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ARS Home » Midwest Area » Wooster, Ohio » Application Technology Research » Research » Publications at this Location » Publication #67770


item Klein, Michael

Submitted to: Proceedings of the USDA Interagency Japanese Beetle Research Forum
Publication Type: Proceedings
Publication Acceptance Date: 2/15/1996
Publication Date: N/A
Citation: N/A

Interpretive Summary:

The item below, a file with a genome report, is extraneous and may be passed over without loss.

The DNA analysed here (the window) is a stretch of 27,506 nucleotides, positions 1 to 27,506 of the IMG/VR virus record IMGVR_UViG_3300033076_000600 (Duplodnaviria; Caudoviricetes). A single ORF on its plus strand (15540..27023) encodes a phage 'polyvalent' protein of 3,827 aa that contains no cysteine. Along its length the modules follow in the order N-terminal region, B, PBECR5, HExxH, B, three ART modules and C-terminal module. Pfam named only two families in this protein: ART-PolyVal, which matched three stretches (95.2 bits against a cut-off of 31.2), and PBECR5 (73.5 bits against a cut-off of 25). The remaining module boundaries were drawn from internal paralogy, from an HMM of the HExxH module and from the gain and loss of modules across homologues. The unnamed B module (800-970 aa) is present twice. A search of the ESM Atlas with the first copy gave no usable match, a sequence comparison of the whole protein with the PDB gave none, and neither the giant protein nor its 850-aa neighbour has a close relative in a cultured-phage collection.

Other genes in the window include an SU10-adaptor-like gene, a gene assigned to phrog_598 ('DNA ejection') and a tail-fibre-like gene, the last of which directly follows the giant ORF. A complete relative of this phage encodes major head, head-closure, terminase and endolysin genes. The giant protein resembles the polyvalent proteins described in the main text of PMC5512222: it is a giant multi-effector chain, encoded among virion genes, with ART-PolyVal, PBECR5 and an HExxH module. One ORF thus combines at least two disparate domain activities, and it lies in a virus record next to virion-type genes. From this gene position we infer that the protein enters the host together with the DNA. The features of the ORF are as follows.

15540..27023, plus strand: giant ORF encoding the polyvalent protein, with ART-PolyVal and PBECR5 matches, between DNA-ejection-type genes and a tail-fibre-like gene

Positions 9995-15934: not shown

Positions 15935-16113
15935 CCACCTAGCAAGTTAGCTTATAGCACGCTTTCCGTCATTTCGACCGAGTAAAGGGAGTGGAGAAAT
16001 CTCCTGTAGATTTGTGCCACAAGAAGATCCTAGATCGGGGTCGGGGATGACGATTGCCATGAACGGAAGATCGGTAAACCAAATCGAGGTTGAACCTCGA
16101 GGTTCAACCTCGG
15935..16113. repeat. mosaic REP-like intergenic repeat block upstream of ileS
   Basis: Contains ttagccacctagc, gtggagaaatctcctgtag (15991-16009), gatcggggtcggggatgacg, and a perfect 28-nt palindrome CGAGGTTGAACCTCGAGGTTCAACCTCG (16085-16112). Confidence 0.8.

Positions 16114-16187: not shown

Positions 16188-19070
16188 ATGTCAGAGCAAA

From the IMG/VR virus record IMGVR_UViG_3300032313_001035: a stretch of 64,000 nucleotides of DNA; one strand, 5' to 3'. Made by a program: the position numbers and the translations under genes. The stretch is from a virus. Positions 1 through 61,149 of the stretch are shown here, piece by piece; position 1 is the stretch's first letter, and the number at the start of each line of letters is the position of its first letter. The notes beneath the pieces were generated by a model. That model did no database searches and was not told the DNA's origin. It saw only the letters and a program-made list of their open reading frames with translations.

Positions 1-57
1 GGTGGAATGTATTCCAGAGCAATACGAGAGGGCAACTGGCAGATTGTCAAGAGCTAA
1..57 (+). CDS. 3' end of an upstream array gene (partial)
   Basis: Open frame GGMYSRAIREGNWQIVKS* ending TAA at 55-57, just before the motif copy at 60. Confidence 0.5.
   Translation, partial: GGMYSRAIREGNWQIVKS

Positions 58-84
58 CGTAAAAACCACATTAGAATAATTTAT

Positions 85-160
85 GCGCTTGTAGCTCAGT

Technical Abstract: The Japanese beetle, Popillia japonica Newman, was first discovered in the United States at a New Jersey nursery in 1916. At that time, it was only known from the Japanese islands, increasing in numbers in the northern part of its range. The beetle was not considered a pest in Japan since it took two years to complete its life cycle, it was heavily parasitized by a diptern parasitoid, and probably most importantly, it lacked the extensive larval habitat (turfgrass) that it found here. Now, most states east of the Mississippi River are generally infested. West of the river, several states (Minnesota, Iowa, Missouri, Nebraska, Colorado, and Kansas) have one or more isolated infestation. Both adults and larvae of P. japonica cause extensive damage. Other direct costs result from control measures (both chemical and biological), and governmental regulations and quarantines. In addition, indirect costs such as soil erosion, environmental contamination, and loss of aesthetics occur. Adult beetles feed on over 300 plants and are pests of flowers, fruit, vegetables, trees, and horticultural and agronomic crops. Larvae feed primarily on the roots of grasses, but also will feed on the underground portions of flowers, and trees or shrubs. Control tactics against Japanese beetle adults and larvae have relied to a large extent on the use of chemical insecticides. Additional work is needed to expand the chemical inventory and application technology available for compliance with quarantines. Biological, and biologically-directed, controls have been important in the past and are likely to increase in importance in the future.